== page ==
Recruiters and hiring managers have told us numerous times that they expect interviewees to come prepared with questions of their own. In fact, it shows lack of engagement in the process when an interviewee says they don't have anything to ask.
Yet, job seekers indicate they really aren't sure of what to ask. Often, at the end of an interview they are physically tired and mentally spent. Coming up with questions of their own is challenging.
Revision Resume highly recommends you don't wait until you are on the spot to determine which questions to ask. Just as you should practice typical interview questions prior to the interview, you should also prepare a list of your own questions prior to the interview. Consider this to be part of the preparation process.
Topics to Cover With Your Interview Questions
First, think about which topics are important to you. Here are some options to consider:
Diversity and inclusion
Daily work hours
Growth and development
You want to get your questions surrounding the above topics answered during the interview. That way, if you end up accepting the job offer, you aren't surprised by something when you start working. Do you assume you could work remotely if desired? Are you expecting the work day to be from 8am-5pm? Is the organization meeting-focused or does communication primarily occur via email?
Don't just make assumptions if these are important issues for you. Ask questions when given the opportunity so you are sure you understand how the business works and your specific role.
A recent survey indicated that 72% of respondents had experienced "that feeling when you start a new job and realize, with either surprise or regret, that the position or company is very different from what you were led to believe." This concept is being termed "Shift Shock" and 80% of those surveyed felt it was OK to leave a job within 6 months of being hired if that was their experience. Of course, that means starting the job search all over again within months of thinking you had secured a position and were done with the uncertainty of seeking new employment. Since a job search is stressful, it is really best to ensure you get the answers to the questions during the interview so you don't face this scenario.
Examples of Specific Interview Questions
Is this role a new position or am I replacing someone? If I am replacing someone, where did that person go?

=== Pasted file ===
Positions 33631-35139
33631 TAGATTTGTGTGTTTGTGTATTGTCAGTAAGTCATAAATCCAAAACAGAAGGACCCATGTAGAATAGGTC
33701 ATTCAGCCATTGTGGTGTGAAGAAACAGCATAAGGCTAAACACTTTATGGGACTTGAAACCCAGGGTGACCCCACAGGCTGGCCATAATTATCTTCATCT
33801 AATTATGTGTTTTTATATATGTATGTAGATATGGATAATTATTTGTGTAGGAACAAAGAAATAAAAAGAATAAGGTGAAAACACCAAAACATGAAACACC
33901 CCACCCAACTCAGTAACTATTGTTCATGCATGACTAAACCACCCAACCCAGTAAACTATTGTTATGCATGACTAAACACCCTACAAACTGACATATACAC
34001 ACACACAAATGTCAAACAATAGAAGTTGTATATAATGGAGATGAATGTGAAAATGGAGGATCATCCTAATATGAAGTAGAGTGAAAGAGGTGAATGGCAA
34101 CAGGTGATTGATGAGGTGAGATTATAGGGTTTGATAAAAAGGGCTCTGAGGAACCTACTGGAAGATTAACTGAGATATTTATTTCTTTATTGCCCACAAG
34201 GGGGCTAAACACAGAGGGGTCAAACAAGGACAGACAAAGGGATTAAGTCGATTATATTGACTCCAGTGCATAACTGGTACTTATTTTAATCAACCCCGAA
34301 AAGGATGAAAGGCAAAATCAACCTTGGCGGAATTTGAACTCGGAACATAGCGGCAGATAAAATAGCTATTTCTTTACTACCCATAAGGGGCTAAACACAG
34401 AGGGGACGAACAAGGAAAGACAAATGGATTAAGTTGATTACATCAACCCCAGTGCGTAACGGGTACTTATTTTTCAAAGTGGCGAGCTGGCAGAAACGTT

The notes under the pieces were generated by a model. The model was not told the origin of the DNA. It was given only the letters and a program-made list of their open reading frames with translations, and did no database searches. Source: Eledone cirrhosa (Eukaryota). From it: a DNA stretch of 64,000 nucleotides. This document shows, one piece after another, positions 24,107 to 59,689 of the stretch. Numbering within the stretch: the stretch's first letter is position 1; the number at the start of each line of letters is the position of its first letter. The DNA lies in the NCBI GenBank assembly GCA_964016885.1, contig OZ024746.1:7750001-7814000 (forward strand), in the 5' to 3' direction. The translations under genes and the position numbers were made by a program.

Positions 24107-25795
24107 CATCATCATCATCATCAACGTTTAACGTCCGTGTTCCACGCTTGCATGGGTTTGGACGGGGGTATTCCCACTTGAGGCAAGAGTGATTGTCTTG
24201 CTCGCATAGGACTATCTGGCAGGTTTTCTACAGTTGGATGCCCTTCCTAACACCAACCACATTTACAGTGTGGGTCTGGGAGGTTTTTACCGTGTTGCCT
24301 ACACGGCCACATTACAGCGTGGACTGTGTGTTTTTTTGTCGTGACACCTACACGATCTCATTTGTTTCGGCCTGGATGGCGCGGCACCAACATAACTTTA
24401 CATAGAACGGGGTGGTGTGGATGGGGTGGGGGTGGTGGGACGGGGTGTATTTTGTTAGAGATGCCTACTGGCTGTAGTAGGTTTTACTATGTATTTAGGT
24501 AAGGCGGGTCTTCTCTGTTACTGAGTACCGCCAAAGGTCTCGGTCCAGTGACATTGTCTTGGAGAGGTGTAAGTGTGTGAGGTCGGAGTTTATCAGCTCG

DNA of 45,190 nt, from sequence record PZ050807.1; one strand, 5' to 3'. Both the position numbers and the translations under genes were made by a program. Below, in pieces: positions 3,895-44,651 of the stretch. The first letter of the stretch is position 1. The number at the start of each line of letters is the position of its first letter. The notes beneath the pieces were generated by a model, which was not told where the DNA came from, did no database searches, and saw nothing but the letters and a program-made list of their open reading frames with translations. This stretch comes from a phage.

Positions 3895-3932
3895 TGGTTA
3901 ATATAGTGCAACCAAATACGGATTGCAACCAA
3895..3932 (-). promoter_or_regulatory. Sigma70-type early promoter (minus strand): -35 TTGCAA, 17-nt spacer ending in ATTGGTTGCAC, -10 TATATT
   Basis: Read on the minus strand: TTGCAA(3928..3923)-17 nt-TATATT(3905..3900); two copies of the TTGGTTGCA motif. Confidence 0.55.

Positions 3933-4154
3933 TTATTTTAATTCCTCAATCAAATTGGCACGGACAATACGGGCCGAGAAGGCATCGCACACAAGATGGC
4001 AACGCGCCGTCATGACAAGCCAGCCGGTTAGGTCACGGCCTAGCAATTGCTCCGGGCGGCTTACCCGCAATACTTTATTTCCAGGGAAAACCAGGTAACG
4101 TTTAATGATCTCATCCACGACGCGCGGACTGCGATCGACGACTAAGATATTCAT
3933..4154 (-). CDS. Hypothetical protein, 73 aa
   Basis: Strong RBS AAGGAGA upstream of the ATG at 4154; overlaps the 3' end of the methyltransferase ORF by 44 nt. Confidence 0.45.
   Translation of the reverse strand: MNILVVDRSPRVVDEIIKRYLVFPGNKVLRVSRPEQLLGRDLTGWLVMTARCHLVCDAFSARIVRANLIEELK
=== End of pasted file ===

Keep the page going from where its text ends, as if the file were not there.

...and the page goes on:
What makes someone successful in this role?
How does management provide feedback to employees?
How can employees provide feedback to management?
How are goals set for employees? Are they individual or do you have team goals as well? Do I get to provide input when goals are being set?
How are raises and promotions determined? Are they based on success compared to goals or some other metric?
Does the department have standing meetings? If yes, when are they held?
What does a typical work day look like?
What are typical work hours? Are weekends/evenings expected?
Is there the potential for working remotely?
How does this business promote diversity and inclusion?
What opportunities are available for personal development?
Are there company-wide events? Do departments collaborate with each other? If so, how?
Final Interview Questions
Every interviewee should have the same final set of questions. Don't leave the interview without asking about follow-up. You can ask:
What is the next step in the hiring process?
When do you expect to make a hiring decision?
When should I expect to hear from you?
When would it be appropriate for me to follow-up?
Asking the above questions will help you determine the next step you take. In some cases, the hiring manager may be making the decision the next day. In other cases, they will be interviewing other candidates and may be waiting to decide for a few weeks. It is even possible that they plan to keep the position open for a few months to see what kind of candidates apply. Or, maybe they plan to call a subset of interviewees back for a 2nd or 3rd round of interviews. You don't know how their hiring process works, so you need to ask.
This will give you the information required so you know when it is OK to follow-up. It will help prevent you from coming across as desperate, or incorrectly assuming you didn't get the job because you haven't heard back.
Post-Interview Thank You
Don't forget to send a thank you note to everyone that interviewed you after the interview is complete. This can be sent via email or through the postal service.
We recommend against sending your thank-you via text. Not only is it too informal, but you should consider expanding on just saying thank you. Make your post-interview thank you note go above and beyond by reiterating the value you will add to the organization.
This Value Proposition Letter (VPL) is an important step in the interview process. Just like asking questions of your own shows engagement, the VPL is another opportunity for you to state that you are interested in the position.
Looking for additional Interview tips? Click here.